3) Pitch outlets do have 30mA RCD, the older ones have 16A MCB. We installed a new one at one location after one got squashed! and went down to 10A mcbs in that... 6A would be an idea but bit worried about the short term load of boiling kettles knocking them out (I dont see kettles as a problem because the load is for a short duration and you'd unlikely to get many brewing up at same time)

4) I'm not 100% sure what the back story on the earthing is (though there is a PME terminal on the cutouts), its all TT now (and Ra is poor), Going on what I've managed to pick up, it used to be either TNCS all over (a complete no no with caravans) with the odd pitch supply having a tye down rod. Or that it was TT with no main RCD, leaving the DB, circuits in the laundry/WC/Shower areas, and buried SWA without RCD protection. Either situation is clearly unacceptable. I think we will end up going down the road of converting the distrubution and facilities all to TNCS, and dropping this at the pitch supplies and using a local TT for the outlets as you suggets Dave, which will eliminate the problem of the burnt out main RCDs.

5) At the end of the day the loading issue is not going away, so wanted to be able to suggest some solution which might be able to 'manage' it at the cost of inconvienceing the users of the site.. they might even then make a business decision to pay for increase in capacity! The figure caravan parks are designed on I'm told is 2kw per pitch... so even assuming the place is not going to be more than 90% full.... 54pitches thats still 108kva needed... and they have 46kva to play with headbang .... infact if you calculate what is needed it comes to 200A TPN needed (though that is with allowing the heater ban to be revoked, if heater ban is in place then this allows a bit less... but certainly on a new site its what you'd spec!)

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sellers

Upgrade to 3phase best option all round.

Or limit each van, like said before, and prepare them for complaints when everyones van trips out.

Or as it will probably be, leave it as is, keep going out to repair it untill it burns down.

I hate customers.

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ProDave

As you have a TNCS earth available, use that for the distribution and remove the troublesome RCD.

At each bollard, obviously don't connect the TNCS earth, but connect to a local TT earth. You might need to go and buy a lot of earth rods.

Upgrade the neutral tail to something larger (or 2 in parallel) as it's clearly overloaded and getting hot.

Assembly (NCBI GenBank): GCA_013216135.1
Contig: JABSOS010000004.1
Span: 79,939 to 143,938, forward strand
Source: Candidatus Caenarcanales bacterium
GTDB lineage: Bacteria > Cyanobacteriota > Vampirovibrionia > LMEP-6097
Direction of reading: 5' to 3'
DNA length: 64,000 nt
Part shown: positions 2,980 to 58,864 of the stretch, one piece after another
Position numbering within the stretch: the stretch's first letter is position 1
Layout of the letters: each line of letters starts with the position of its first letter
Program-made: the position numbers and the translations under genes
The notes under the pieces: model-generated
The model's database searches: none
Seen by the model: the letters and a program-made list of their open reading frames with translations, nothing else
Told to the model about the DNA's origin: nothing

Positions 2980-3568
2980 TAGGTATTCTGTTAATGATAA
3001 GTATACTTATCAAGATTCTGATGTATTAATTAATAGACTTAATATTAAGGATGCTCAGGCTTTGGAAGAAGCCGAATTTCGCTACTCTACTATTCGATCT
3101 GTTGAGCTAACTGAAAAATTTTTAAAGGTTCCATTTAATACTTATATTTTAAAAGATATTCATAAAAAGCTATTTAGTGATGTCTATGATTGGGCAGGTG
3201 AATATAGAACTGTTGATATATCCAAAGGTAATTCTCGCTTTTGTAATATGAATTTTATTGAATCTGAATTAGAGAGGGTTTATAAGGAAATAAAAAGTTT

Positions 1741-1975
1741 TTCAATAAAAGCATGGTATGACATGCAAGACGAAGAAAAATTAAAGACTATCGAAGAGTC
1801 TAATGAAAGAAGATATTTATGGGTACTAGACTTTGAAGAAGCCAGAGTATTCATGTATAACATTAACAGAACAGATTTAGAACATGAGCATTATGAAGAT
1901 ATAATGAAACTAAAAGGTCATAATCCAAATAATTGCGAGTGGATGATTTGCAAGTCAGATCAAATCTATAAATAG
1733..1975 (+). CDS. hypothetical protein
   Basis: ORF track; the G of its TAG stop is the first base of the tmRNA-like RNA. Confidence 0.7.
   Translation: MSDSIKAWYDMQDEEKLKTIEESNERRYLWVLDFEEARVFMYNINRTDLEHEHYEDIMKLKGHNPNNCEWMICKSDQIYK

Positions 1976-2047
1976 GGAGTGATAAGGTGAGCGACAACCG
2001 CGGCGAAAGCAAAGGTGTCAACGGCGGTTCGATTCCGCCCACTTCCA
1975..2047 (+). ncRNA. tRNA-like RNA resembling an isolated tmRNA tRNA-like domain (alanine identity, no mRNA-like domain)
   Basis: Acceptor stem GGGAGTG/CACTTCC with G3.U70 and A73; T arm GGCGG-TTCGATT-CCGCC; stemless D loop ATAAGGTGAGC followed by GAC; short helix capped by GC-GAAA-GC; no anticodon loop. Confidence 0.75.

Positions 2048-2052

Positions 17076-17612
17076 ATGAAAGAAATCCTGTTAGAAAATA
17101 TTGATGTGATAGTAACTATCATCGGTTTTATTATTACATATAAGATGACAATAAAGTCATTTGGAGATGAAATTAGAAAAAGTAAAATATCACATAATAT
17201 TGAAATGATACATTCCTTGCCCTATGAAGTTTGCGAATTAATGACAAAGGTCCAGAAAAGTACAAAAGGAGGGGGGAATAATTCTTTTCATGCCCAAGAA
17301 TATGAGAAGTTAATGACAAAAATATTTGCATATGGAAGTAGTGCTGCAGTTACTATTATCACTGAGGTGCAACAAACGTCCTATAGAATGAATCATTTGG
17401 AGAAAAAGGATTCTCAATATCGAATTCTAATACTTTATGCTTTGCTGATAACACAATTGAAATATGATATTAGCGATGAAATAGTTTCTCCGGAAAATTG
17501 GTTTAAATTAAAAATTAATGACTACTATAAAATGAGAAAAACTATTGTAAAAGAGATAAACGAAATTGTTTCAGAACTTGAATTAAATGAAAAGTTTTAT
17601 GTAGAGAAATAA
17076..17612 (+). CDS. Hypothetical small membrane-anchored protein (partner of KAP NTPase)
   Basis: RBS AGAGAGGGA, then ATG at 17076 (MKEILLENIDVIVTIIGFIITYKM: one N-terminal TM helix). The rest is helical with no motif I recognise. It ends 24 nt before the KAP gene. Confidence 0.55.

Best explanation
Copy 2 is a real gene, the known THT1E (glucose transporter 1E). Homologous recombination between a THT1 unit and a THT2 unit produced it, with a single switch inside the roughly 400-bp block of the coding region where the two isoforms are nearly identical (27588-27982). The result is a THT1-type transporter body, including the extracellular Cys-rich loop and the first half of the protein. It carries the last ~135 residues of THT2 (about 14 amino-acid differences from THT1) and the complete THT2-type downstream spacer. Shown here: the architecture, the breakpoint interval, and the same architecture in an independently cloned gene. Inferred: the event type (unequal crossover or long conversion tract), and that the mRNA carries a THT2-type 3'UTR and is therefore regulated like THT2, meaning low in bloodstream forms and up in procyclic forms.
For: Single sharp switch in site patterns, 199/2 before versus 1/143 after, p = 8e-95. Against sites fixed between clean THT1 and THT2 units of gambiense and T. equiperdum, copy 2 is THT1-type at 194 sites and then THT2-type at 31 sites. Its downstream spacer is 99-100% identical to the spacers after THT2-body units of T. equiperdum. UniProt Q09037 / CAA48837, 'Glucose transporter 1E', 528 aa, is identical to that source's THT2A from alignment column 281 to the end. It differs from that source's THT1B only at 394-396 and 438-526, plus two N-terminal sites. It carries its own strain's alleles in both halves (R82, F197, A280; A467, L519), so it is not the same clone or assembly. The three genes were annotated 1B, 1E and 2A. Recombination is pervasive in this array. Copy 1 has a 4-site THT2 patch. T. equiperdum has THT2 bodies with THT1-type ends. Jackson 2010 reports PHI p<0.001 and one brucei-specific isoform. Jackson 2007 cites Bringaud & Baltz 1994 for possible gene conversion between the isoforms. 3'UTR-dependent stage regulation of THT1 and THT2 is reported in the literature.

Change all MCB's down to 10A. If individual van's keep tripping, they won't use the heater as much.

That should solve most of your emergency calls. But won't stop the DNO's fuse popping from time to time.

Edited by ProDave

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SLIPSHOD & SLAPDASH

As i am simple i cant work out if the rcd will operate correctly as it is presently wired. Even so i would fit 2 separate 100A S RCD's, one to each of the lives. Obviously bring seperate neutrals through each and connect to a Henley block as close to the supply head as you can. This gives the added benefit of only 50% ish dropping out on a RCD fault. You need to make a sign fixed to the main board explaing the 2 X single phase supplies at 240v.

Edit, As soon as i posted that i realised you cant double up on the neutrals. You would have to fit one new fed via one RCD & the other RCD feeding the existing board. Are there two meters at the property ? It is a very strange set up & i thought against the supply rules to have more than one supply ?

Edited by SLIPSHOD AND SLAPDASH

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Doc Hudson

Did this site originally have less electric hook-up points and more pitches with no electrical service? I always thought that pitches were typically 6A or 10A. I think they have either got to upgrade the supply or remove some of the electrical pitches.

Doc H.

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PC Electrics

I've got a nifty little 1kW travel kettle. So I'd say sod letting them use a 'proper' kettle and put each pitch on a 6A. It's enough for some lights and small kettle, but will prevent the use of fan heaters on anything more than 1kW setting.

Not a proper solution, but at least it will limit peak load.

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batty

Not sure i would want to remove RCD's you really may have a fire on your hands then. Probably best to sort problem rather than trying to get over it by bodging it by putting in a main swich. I think somebody needs to spend a bit of money or cut down the amount of pitches.

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Riggy

Been here so often! Most caravan parks are in this situation.

Until you can convince the park owner to upgrade the supply (get a DNO rep there, they usually have some good ideas when you get them on site in my experience), fit 6A MCBs at each pitch and make sure the owner has a stock of 1kW kettles to sell to punters when they come whinging!

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NozSpark

This year I went camping near Pontypool and we had an electric hookup... On the outlet box it stated that electric kettles, toasters, heaters etc were not allowed to be connected to the points and that any transgression of this rule would result in a blown fuse and callut of an electrician,, the person who did it would get the bill for the callout.

So IMHO you definately need to look at the supply arrangements and as a stop gap you could change all the breakers to 6A

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kerching

As said before, limit the loads to 6A. Put MCB in a locked box to which the only key is held by the landlord. Charge them